During the night someone has parked my bed in the no-standing zone just outside the Australian Museum, College Street, Sydney. It’s all black, not a star to be seen, the city’s light pollution masking their millions and millions, the universe’s night sky blotted out. And there’s this eerie music playing in the background, its growing tempo bearing a horrible resemblance to the theme music from the first ‘Jaws’ movie; that opening swimming scene just before the naked busty girl gets bitten in half by the oversized Great White Shark, except now there’s this hollow-eyed ample-breasted woman looming towards me in the darkness across the end of my bed. She has no teeth, her empty gums stained a sickening red-black from the chewing of betel nut and the sucking of cremation ash. “It’s a bad habit lady!” I call in reprimand. It’s as if they have recast the Bodhisattva Tara in the lead role from the original film version of ‘The Woman in Black’ and I’m a little worm wriggling about on a fishing hook, stuck fast by its cruel barb to my bed. To make matters worse there are two old hags from the tobacco industry, perched up on the museum’s roof top screaming out “it’s all about choice, it’s all about choice”. One hag has a little pink breasted parrot on its shoulder, the bird chorusing in accompaniment “and he’s only got ‘oornamental’ knowledge, ‘oornamental’ knowledge”; the words screeched out and repeated over and over again, rising in ever high pitch above the commotion of city traffic.
But it’s not finished yet, not by half and a bit more of it. In the park opposite troops of wraith-like office workers and lunch-break joggers float without any discernable effort through the carnage of a great battle. Trees have been uprooted and thrown about, public waste bins carelessly upended, and memorial bronze statues overturned and broken. Flowering tamarinds, silk-cotton trees, paper-barks and leopard-woods, all up-rooted and splintered. Amongst it all lies the torn corpses of giant forest-roaming ‘vanara’ monkeys and night-roaming ‘raksasa’ demons, and there by the park’s War Memorial to the Unknown Soldier, the waters of its shallow lake now turned to foul and bloody gore, lay the epic heroes Rama and his brother Laksmana, their motionless bodies pierced by hundreds of arrows shot from the golden bow of the demon Indrajit, son of Ravana, Lord of Lanka, captor of Sita. And Sita in fearful lament approaches the body of Rama, her husband, crying rivers of tears and freely quoting aloud from a paperback translation of an early version of the Ramayana, one of several versions available in reputable bookshops at a modest price: “Ignorant liars, all of them, now Rama’s been killed, those fortune-tellers who foretold I should bear sons and not be a widow! Ignorant liars, all of them, now Rama’s been killed, those who foretold I should be chief queen of a sacrificer and wife of an oblation-maker! Ignorant liars all of them, now Rama’s been killed, those Twice-Born astrologers who publicly labelled me auspicious! Each of my feet, certainly, bears the lotuses which are supposed to deck women destined with their kingly husbands for monarchy, and even without my lucky signs, search as I may I cannot discern in myself any of the signs which doom ill-omened women to widowhood. These lotuses, supposedly a true sign of a woman’s fortune, have today become untrue for me now Rama’s been killed. With my fine, smooth, dark hair, my unjoined eyebrows, my shapely, hairless calves, my gapless teeth, my neat temples, eyes, hands, feet, ankles and thighs, my glossy rounded nails, my even fingers, my smooth, swelling breasts with their sunken nipples, my sunken, deep-set navel, my firm sides and chest, my pearly complexion and my soft body-hair, I was said to be provided with the twelve signs of good fortune. The teller’s of girls’ fortunes noted my gentle smile and my unblemished, well-coloured hands and feet with all the right barleycorn marks. I and Rama were promised for the monarchy, it was our due, now it has come to nothing”. All this from the mouth of an undernourished and wasted girl who had wandered wretched for weeks in the wilderness, her skin soiled, her flimsy garments filthy and torn. It is all a confused scene from the epic battle before the fortress walls of Lanka, Sita stooping to tenderly kiss the blood-smeared lips of Rama, only to be interrupted in the final second before they touch by the intervention of an Indian film censorship officer. “AAArh, AAArh” I call out, then two more ‘AAArhs’ in hurried repetition, my anguished cries for help sounding more like a pathetic attempt to mimic a crow up to its neck with the enjoyment of eating a well-stewed bit of day-old carrion, than a frantic plea for divine deliverance. Then there’s this nudge in my ribs, followed by a reassuring voice alongside me in the bed. “Wake up, you’ve been writing that book again haven’t you?”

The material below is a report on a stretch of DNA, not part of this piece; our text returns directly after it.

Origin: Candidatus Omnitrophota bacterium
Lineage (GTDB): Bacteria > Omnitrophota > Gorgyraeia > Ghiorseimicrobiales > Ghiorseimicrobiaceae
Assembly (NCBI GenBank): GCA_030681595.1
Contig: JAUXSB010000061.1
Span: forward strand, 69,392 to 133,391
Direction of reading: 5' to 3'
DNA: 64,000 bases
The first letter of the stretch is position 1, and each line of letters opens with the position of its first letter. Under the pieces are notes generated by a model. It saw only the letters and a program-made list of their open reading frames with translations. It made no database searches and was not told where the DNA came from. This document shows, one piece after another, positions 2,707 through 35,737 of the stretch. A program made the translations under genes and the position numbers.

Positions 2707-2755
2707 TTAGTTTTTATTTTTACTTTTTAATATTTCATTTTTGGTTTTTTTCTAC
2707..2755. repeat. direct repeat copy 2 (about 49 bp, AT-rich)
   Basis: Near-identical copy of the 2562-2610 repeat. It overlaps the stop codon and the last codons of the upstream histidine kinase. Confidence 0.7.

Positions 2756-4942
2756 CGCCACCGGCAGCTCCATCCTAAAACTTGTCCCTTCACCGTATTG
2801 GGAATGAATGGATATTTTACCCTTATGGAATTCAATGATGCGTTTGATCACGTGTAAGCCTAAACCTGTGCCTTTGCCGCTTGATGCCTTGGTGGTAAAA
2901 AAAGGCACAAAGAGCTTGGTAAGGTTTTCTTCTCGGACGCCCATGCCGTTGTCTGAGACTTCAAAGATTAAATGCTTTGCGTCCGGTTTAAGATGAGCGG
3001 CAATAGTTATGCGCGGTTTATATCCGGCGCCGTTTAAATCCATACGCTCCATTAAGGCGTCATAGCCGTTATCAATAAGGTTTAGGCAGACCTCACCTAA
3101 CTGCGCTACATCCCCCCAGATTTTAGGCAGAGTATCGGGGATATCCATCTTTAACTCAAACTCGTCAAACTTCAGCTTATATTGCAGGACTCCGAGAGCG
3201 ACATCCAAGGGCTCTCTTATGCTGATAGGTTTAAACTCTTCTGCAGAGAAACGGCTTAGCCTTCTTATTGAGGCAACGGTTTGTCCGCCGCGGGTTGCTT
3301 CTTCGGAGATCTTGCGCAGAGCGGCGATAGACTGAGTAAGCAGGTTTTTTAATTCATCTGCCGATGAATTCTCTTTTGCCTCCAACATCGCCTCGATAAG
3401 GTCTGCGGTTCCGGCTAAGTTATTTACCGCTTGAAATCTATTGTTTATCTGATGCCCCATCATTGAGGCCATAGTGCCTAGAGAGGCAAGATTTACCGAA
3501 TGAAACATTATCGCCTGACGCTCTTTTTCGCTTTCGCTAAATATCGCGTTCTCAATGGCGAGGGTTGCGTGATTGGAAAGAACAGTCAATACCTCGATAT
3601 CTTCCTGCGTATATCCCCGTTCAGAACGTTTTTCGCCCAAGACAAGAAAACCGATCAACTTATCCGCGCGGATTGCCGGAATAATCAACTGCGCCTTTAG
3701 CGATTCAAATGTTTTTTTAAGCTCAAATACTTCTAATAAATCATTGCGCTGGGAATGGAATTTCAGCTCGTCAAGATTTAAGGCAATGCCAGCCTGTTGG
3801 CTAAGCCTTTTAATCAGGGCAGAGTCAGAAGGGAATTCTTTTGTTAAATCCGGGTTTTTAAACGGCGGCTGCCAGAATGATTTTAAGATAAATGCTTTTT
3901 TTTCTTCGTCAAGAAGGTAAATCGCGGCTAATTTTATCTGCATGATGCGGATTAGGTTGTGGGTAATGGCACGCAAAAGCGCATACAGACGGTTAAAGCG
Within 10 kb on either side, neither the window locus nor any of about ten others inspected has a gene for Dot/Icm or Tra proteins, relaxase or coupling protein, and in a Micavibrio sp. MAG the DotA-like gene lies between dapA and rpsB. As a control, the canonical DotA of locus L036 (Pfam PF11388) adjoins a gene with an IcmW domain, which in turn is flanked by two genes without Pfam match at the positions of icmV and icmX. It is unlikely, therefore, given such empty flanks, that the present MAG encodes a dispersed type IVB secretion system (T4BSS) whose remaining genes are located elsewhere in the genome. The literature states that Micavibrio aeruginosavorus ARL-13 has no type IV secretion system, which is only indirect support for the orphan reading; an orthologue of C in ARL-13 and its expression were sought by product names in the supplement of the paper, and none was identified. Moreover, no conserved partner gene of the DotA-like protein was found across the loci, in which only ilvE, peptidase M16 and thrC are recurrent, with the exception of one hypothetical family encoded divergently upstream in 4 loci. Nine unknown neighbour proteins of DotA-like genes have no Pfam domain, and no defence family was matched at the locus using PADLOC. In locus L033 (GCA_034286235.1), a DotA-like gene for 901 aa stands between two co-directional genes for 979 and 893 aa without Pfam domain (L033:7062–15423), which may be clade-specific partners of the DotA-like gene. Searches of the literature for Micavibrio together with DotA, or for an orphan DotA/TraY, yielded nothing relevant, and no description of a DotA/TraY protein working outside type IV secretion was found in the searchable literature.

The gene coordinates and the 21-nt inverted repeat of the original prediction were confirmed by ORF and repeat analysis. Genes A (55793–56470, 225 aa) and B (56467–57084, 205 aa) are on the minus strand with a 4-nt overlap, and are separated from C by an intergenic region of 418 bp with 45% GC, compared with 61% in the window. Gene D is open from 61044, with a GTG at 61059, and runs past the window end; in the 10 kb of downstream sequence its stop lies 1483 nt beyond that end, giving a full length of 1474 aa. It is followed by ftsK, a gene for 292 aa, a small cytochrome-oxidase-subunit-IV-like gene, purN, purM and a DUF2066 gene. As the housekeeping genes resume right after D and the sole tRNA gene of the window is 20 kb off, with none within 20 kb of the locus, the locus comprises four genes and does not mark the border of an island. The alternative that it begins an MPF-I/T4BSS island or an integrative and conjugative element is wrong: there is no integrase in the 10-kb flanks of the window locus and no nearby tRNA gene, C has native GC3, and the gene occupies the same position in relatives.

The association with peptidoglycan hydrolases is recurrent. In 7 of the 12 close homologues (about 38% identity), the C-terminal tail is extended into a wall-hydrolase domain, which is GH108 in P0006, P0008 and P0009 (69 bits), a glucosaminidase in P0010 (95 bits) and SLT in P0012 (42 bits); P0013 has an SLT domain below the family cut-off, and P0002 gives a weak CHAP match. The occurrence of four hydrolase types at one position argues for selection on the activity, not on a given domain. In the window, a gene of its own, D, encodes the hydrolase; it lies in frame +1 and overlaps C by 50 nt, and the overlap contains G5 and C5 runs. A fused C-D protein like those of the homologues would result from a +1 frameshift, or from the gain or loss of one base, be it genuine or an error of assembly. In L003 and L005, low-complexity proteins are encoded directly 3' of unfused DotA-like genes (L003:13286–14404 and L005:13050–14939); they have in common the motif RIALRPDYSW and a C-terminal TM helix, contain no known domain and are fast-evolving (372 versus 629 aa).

I was at Day 21 of my manuscript, the road trip having ended eight months earlier, and I was having trouble with the opening draft. I just couldn’t get past the first paragraph. I was in desperate need of an opening theme that didn’t have anything to do with whinging about up-market hotels, the price of a meal in Indian rupees, or pseudo-scholarly prattle concerning history, religion or philosophy. I was stuck in the gutter, the one adjacent the museum’s ‘no-standing zone’, and each night I found myself drawn to the caverns far below its cold walls of colonial era sandstone. There dwelled worm-ridden gypsy ‘raksisis’, their skeletal frames whirling madly like entranced mystic Sufis, ever around and around, their swirling multiple arms outstretched in demand of money. I was convinced it was the karma thing, and if I’d had a previous life or two, in one of them at least I must have tallied up more debit points than credits, and done a good share of misdeeds that I was now paying for. In the balance of my heart my past sins were weighing heavier than a feather. I was held in a dream of the ‘Age of Kali’, the ‘age of the one legged cow’; a metaphor for the ills and chaos of the world, and writer’s block, as good as any, and I had not yet learned the folk cure for recurring bad dreams; that of putting a little sprig of oaten straw under my pillow each evening to feed the ‘night mares’.